In the middle, between the two devices is a brass nail, its actually an Ordnance survey referance point, its location is known to a very high accuracy;

Passive GPS station: Swanbridge - C1ST1667
N 51 23’59.105955", W 3 11’,47.413031
51.399751654166664, -3.196503619722222

The transmitter on the right is programed to transmit the location of the reference point over LoRa. The receiver on the left picks up this location and taking the receivers location from its own GPS, calculates the distance from where the receiver thinks it is (from its GPS) to the reference point.

The calculation using standard floating point and the TinyGPSplus library calculation is that the reference is 2M away. I would suggest that is accurate and well within the accuracy limits of the GPS.

(LoRaTracker) #9

Eh ?

The ‘accuracy’ of the GPS is an estimate based on probability. You can only know the degree of accuracy the GPS is reporting if you know its actual position ?

From the code posted for the TTN GPS tracker above, the code waits for a valid updated fix from the GPS, I do often use a similar one that timesout after a defined number of seconds;

boolean gpsWaitFix()
  Watchdog_Pulse();                                  //pulse LED in case we have a watchdog connected

  while (GPSserial.available() > 0)

  if (gps.location.isUpdated() && gps.altitude.isUpdated())
    return true;
    return false;

You can ommit the check on the Altitude bieng updated if you like.

(Arinze Izukanne) #10

TinyGPSplus is different from TinyGPS. I believe the library he used in his sketch is TinyGPS.

What exactly is the basis for the disagreement?

(Arinze Izukanne) #11

The function calls you mentioned as available for TinyGPSplus do not exist for TinyGPS. This goes to confirm what I was saying.

A GPS has a fix first on Lat and Lon within a certain accuracy limit. The fix on speed and altitude take a little longer. When I said greater accuracy, I was not implying the software makes the hardware more accurate rather that it is able to calculate to a greater accuracy the exact location in 3D as well as speed.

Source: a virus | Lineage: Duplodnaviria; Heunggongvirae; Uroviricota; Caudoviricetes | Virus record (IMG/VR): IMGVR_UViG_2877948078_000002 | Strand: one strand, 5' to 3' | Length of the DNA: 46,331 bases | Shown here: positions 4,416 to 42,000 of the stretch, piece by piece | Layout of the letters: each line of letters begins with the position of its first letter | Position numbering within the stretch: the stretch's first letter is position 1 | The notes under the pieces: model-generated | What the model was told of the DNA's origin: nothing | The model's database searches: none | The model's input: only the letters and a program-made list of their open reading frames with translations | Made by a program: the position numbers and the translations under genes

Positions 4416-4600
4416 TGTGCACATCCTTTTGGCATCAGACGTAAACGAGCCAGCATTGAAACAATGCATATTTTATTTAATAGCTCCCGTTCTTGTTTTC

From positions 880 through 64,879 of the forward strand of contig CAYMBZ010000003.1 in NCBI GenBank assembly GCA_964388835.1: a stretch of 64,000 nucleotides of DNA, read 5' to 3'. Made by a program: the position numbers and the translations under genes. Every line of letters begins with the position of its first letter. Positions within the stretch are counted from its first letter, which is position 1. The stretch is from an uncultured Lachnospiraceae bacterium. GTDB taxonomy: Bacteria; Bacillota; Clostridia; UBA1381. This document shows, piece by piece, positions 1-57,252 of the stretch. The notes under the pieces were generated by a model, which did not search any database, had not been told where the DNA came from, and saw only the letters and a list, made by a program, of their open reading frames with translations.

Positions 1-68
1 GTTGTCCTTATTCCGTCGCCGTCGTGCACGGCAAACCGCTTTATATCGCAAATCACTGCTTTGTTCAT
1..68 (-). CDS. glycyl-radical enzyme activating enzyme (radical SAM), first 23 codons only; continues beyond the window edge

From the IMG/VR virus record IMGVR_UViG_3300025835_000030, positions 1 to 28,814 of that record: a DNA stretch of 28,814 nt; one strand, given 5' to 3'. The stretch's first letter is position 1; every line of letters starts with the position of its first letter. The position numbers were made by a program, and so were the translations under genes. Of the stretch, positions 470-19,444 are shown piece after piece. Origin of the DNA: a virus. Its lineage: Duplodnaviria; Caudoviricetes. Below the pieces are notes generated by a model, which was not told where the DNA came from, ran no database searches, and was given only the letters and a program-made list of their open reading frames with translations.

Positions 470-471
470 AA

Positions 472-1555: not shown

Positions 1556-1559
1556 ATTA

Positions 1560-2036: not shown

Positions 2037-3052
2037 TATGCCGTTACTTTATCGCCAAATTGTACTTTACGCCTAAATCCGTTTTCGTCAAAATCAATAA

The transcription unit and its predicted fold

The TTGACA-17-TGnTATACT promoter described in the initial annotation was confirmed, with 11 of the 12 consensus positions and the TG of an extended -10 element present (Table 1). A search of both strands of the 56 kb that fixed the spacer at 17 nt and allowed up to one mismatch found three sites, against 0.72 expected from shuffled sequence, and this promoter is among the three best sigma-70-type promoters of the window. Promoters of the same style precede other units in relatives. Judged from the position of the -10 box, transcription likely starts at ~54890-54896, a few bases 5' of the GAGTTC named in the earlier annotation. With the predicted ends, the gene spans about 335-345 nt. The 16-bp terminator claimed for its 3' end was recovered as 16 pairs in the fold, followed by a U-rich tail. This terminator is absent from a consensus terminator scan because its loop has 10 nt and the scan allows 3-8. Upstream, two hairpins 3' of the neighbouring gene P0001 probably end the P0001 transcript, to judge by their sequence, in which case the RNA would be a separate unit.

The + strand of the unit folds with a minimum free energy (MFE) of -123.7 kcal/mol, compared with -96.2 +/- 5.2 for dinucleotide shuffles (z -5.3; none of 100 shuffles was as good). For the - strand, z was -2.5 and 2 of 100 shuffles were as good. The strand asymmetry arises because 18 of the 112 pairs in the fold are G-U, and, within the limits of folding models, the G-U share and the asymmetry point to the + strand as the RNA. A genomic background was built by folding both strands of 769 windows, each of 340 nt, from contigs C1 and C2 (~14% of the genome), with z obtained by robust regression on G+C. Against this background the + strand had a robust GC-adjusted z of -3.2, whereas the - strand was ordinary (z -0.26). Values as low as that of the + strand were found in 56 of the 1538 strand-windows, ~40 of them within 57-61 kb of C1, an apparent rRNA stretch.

If you monitor Lat, Lon, Speed, and Alt of a stationary GPS node from cold start, you will notice Lat and Lon stabilize first before speed and last altitude. Being stationary the actual speed is know so that can be used to verify accuracy just like you referenced the brass nail.

The altitude of most places are also known or can be easily obtained from maps. With this you can tell when the accuracy of the fix in 3D has improved. That is why in the code you referenced, if (gps.location.isUpdated() && gps.altitude.isUpdated()) altitude isUpdated is used.

In my case I used the fix.spd_err_mmps. In many applications 2-5m resolution on lat and lon is sufficient (e.g if you were tracking a car) while in others altitude and speed are required (e.g tracking UAV).

Finally in mission critical operations where there is need to track an object in an unknown location, you have no way to determine the accuracy of received data therefore these other parameters are required to more effectively determine the margin of error.

(LoRaTracker) #12

Well, I will confess to missing that the OP was using the original TinyGPS. Its not been updated for 6 years, suprised its still being used.

The plus versions are updated and do now work with the modern Ublox GPSs. A sensible upgrade for the 6 year old library.

I dont ‘get’ NeoGPS at all, even though I have read a great many posts from the author as to how much better NeoGPS is than other libraries. To me the library seems to overcomplicate what is a simple process, reading the GPS, and returning latitude longitude and altitude. In this respect I find TinyGPS plus very much easier to understand and use.

(Arinze Izukanne) #13

I do agree with you totally. Better to leave the complexity out when its not required. Also saves space on the microcontroller.

(LoRaTracker) #14

It might do, but the GPS can still only estimate the accuracy of its fix.

I have monitored a lot of different GPSs at startup and the ‘first fix’ can be significantly in error, I have seen examples of 50 - 200M, occaisionaly more. The absolute accuracy does often drop to 5-10M within the first minute, but I would not be assuming the GPS is giving out its first fix with an assurance its to a particular accuracy level.

There are hand held GPS trackers that indicate the ‘accuracy’ of the location fix they are showing and using, 5M is typical, but that is just a statistical estimate, the GPS could actually be 30M or (much) more out.

(LoRaTracker) #15

For a tracker the GPS you use will have a major affect on battery life.

The best, lowest power, performance I have come across so far is the Ublox SAM 8Q. The Quectel L80 is not far behind, and is a fraction of the price of the Ublox.

Details of real world GPS power consumption for a range of GPSs are here;

GPS Performance comparisons

(Thass H) #16

Everone this is my sketch… Check my sketch please . The original sketch is

GPS (2).txt (9.6 KB)

And this is my pay load

GPS payload.txt (417 Bytes)

(Thass H) #17

I have got this sketch and payload format form here

(LoRaTracker) #18

Check it for what ?

(Thass H) #19


My data was show lat and lng = 0 all time. I think my payload format was incorrect. But I don’t know where I’m wrong .

(Verkehrsrot) #20

You can use paxcounter with an TTGO T-Beam.
It has ready-to-go TTNmapper integration.